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Center for Education and Research in Information Assurance and Security

Accelerating Private-Key Cryptography via Multithreading on Symmetric Multiprocessors

T. N. Vijaykumar - Electrical and Computer Engineering

Dec 05, 2001


Achieving high performance in cryptographic processing is important due to the increasing connectivity among today's computers. Despite steady improvements in microprocessor and system performance, private-key cipher implementations continue to be slow. Irrespective of the cipher used, the main reason for the low performance is lack of parallelism, which fundamentally comes from encryption modes such as the Cipher Block Chaining (CBC) mode. In CBC, each plaintext block is XOR'ed with the previous ciphertext block and then encrypted, essentially inducing a tight recurrence through the ciphertext blocks. To deliver high performance while maintaining high level of security assurance in real systems, the cryptography community has proposed Interleaved Cipher Block Chaining (ICBC) mode.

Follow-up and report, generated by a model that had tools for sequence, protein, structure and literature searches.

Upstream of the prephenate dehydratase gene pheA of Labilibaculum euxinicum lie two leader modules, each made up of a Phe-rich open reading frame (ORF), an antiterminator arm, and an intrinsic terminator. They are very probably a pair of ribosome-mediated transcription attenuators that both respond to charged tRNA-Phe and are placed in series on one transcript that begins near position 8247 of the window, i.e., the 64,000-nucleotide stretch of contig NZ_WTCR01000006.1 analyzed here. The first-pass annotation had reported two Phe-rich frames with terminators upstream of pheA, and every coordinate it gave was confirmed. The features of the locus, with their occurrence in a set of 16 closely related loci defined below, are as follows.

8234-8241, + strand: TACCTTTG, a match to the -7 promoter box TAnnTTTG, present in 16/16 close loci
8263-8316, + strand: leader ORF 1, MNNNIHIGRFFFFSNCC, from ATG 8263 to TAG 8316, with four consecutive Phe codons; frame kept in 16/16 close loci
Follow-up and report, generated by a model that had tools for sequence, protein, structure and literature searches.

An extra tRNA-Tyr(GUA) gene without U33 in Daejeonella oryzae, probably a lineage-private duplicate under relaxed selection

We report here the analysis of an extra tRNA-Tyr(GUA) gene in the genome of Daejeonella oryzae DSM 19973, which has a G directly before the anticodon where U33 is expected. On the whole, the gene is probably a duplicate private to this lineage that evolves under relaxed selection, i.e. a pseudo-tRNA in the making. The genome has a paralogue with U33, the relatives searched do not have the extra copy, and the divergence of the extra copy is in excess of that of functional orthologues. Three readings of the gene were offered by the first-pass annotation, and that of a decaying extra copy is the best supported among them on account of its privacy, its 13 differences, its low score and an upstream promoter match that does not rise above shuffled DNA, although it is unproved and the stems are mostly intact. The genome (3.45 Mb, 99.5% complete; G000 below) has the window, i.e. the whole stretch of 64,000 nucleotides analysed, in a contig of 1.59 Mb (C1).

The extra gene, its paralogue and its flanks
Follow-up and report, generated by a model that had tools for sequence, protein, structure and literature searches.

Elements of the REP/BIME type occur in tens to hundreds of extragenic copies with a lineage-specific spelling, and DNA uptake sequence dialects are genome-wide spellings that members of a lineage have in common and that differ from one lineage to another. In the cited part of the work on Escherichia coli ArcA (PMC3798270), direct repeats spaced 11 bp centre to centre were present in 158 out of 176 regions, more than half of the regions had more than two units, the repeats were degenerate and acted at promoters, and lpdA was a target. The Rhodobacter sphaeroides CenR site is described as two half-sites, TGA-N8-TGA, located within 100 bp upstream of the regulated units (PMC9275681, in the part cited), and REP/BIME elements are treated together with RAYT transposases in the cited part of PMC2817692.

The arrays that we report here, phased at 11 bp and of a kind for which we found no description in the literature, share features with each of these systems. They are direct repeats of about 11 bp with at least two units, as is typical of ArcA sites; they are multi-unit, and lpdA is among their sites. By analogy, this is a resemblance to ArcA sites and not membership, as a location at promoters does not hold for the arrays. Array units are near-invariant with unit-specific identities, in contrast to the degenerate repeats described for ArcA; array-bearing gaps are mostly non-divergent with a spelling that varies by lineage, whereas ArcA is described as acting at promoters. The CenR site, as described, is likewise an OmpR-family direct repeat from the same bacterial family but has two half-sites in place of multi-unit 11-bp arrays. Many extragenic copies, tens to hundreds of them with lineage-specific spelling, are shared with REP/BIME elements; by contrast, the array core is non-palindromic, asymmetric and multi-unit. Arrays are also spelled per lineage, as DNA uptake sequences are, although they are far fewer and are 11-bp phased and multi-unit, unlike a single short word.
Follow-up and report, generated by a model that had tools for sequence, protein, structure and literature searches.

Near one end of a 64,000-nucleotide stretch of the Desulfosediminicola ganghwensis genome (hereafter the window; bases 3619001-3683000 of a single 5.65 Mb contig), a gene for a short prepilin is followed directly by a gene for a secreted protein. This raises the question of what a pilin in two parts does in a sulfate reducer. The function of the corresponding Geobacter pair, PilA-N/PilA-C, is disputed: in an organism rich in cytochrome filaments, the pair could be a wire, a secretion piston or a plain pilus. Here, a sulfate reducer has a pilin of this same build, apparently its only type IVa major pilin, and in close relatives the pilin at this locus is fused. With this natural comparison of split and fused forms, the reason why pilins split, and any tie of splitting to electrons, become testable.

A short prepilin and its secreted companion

In four-way interleaved chaining, the first, fifth, and every fourth block thereafter are encrypted in CBC mode; the second, sixth, and every fourth block thereafter are encrypted as another stream, and so on. Thus, interleaved chaining loosens the recurrence imposed by CBC, enabling the multiple encryption streams to be overlapped. The number of interleaved chains can be chosen to balance performance and adequate chaining to get good data diffusion. While ICBC was originally proposed to improve hardware encryption rates by employing multiple encryption chips in parallel, this is the first paper to evaluate ICBC via multithreading commonly-used ciphers on a symmetric multiprocessor (SMP). Multithreading ciphers using ICBC allows exploiting the full processing power of SMPs, which spend many cycles in cryptographic processing, deployed as medium-scale servers. Using the Wisconsin Wind Tunnel II, we show that our multithreaded ciphers achieve encryption rates of 215 Mbytes/s on a 16-1GHz-processor SMP, reaching a factor of almost 10 improvement over a uniprocessor, which achieves 22 Mbytes/s.

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